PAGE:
Life Cycle Impact Assessment Programme
The Life Cycle Impact Assessment programme refers to the third phase of LCA and deals with the evaluation of environmental impacts, (e.g. climate change and toxicity) of products and services over their whole life cycle. What are the impacts to consider and how should this be done? The LCIA programme increases the quality and global reach of the life cycle indicators by promoting the exchange of views among experts whose work results in a set of widely accepted recommendations.
More information about the LCIA Programme
In the Life Cycle Impact Assessment, the effects of the resource use and emissions generated are grouped and quantified into a limited number of impact categories which may then be weighted for importance.
According to the ToRs for the LCIA definition study its specific aims are:
- To identify user needs for Life Cycle Impact Assessment
- To provide a clear picture of the impact categories, including different impacts than the one typically applied in "OECD country LCAs", like e.g. erosion or biodiversity
- To provide guidelines for the starting points, the decision-making framework and guidelines for the identification of recommended practice
- To identify case studies, and industrial partners, to test and improve the method feasibility
- To identify the links with the LCI and LCM programmes, including the relation of LCIA to indicators, which also include the economical and social dimensions of sustainability
The following four Task Forces (TFs) have been established under the Life Cycle Impact Assessment (LCIA) Programme:
- LCIA information system (TF LCIA 1)
Towards the enhancement of the availability of sound LCIA data and methods, this Task Force aims to develop an LCIA information system on the one hand and to finalize and extend the general framework on the other hand.
- Natural resources and land use (TF LCIA 2)
This task force aims at establishing recommended practice and guidance for use for natural resources and land use categories, i.e.: water resources, minerals resources, energy carriers, soil resources and erosion, land use, salinisation and desiccation and biotic resources. It will address both midpoint categories and their relation to damage categories such as the biotic and abiotic natural environment.
- Toxicity impacts (TF LCIA 3)
Identification and quantification of impacts on human health and on ecosystems linked to the use and emissions of toxic substances are of central importance to the development of sustainable technology. On the one hand, the UNEP/SETAC Life Cycle Initiative can take profit of significant recent progress in LCIA of toxics. On the other hand, several crucial shortages of present methodologies still exist which need to be addressed to enable a proper interpretation of LCI results. Interaction with emerging public substance databases (like REACH of the EU) are of high interest on the application side.
- Transboundary impacts (TF LCIA 4)
This task force aims at establishing recommended practice and guidance for use in transboundary categories, i.e: climate change, ozone depletion, aquatic and terrestrial eutrophication and acidification. Photooxidant formation and respiratory inorganics (Primary and secondary particles) will be coordinated with Task Force 3. The task force will address midpoint categories and their relation to damage categories human health and biotic natural environment in a consistent way with Task Force 3. Specific challenges for each impact category are defined in the LCIA definition study document.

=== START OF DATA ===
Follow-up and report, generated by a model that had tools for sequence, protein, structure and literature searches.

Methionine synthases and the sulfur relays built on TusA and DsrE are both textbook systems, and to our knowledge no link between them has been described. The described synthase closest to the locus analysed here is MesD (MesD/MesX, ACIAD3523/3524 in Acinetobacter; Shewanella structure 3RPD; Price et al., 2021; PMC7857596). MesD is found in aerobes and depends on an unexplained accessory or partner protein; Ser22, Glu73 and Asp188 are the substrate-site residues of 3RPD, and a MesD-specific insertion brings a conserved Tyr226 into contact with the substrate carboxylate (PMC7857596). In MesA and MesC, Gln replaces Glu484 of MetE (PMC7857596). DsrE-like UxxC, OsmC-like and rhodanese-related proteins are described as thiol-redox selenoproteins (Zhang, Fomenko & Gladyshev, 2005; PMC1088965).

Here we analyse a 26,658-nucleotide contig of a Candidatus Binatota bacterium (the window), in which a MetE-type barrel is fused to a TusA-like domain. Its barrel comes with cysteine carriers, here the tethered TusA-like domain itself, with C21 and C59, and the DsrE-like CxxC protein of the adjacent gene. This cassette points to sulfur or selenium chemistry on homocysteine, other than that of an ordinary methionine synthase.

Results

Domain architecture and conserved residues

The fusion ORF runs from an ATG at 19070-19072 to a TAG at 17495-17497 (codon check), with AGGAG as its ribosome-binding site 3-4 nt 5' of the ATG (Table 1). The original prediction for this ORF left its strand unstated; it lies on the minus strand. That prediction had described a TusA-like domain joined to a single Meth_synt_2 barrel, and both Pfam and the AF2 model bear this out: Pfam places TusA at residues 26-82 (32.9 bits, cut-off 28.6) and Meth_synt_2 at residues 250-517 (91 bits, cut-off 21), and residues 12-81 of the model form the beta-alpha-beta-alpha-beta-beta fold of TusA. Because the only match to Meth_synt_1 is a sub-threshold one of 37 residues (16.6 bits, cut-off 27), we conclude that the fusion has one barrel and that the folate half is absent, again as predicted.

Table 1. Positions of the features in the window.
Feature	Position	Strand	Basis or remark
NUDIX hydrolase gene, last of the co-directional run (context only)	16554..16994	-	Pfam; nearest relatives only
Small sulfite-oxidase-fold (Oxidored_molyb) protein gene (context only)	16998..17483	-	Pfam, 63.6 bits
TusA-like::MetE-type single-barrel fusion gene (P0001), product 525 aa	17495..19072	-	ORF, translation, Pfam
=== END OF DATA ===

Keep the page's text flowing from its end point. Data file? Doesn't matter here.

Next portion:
These Task Forces are all orientated towards experience-sharing and guidance. The proposed training Task Force on distance learning could not be launched. The relationships among the four task forces (and the LCI and LCM programs) as well as related existing efforts are illustrated in the figure below. OMNIITOX
is a EU research project and TRACI
a US impact assessment method; the Japanese project has been carried out by AIST
. A meeting report providing basic information on the Evaluation of Environmental Impacts in Life Cycle Assessment has been published by UNEP with the support of the United States Environmental Protection Agency (US EPA) and can be obtained from Earthprint
Two themes driving the design of the entire LCIA program are:
- The need to integrate information transfer, capacity development and enhancement of good LCIA practice, addressed in priority by TF LCIA 1
- The need for deliverables and products towards recommended practice, carried out in priority by TFa LCIA 2 to 4, including application.
Linkage with the LCI and LCM programmes will be ensured in priority by TF LCIA 1, e.g. in the development of the case study library, whereas direct interaction between the TFs LCIA 2 to 4 and the LCI programme will be established to ensure compatibility between LCI and LCIA needs and developments. TFs LCIA 2 to 4 will also develop strong interactions with related external projects. Common test case studies will be carried out to ensure consistency between all of them.
Summary list of the LCIA methods
Summary description of the LCIA methods
Final draft of the LCIA definition study
This report summarises the main results of the LCIA definition study, starting with the results of the user needs survey and the update of the LCIA programme aims. A preliminary framework is then proposed structuring both midpoint and damage approaches of LCIA in a consistent way.
Three different background documents complement this approach:
- Background document I presents the full needs analysis report (the user need questionnaire itself can be downloaded from the LCinitiative website).
- Background document II presents a summary report on three LCIA workshops in Vienna, Tsukuba and Barcelona.
- Background document III provides complementary and important analyses for 13 midpoint categories.
The review process by downloading the response
to the reviewer's comments.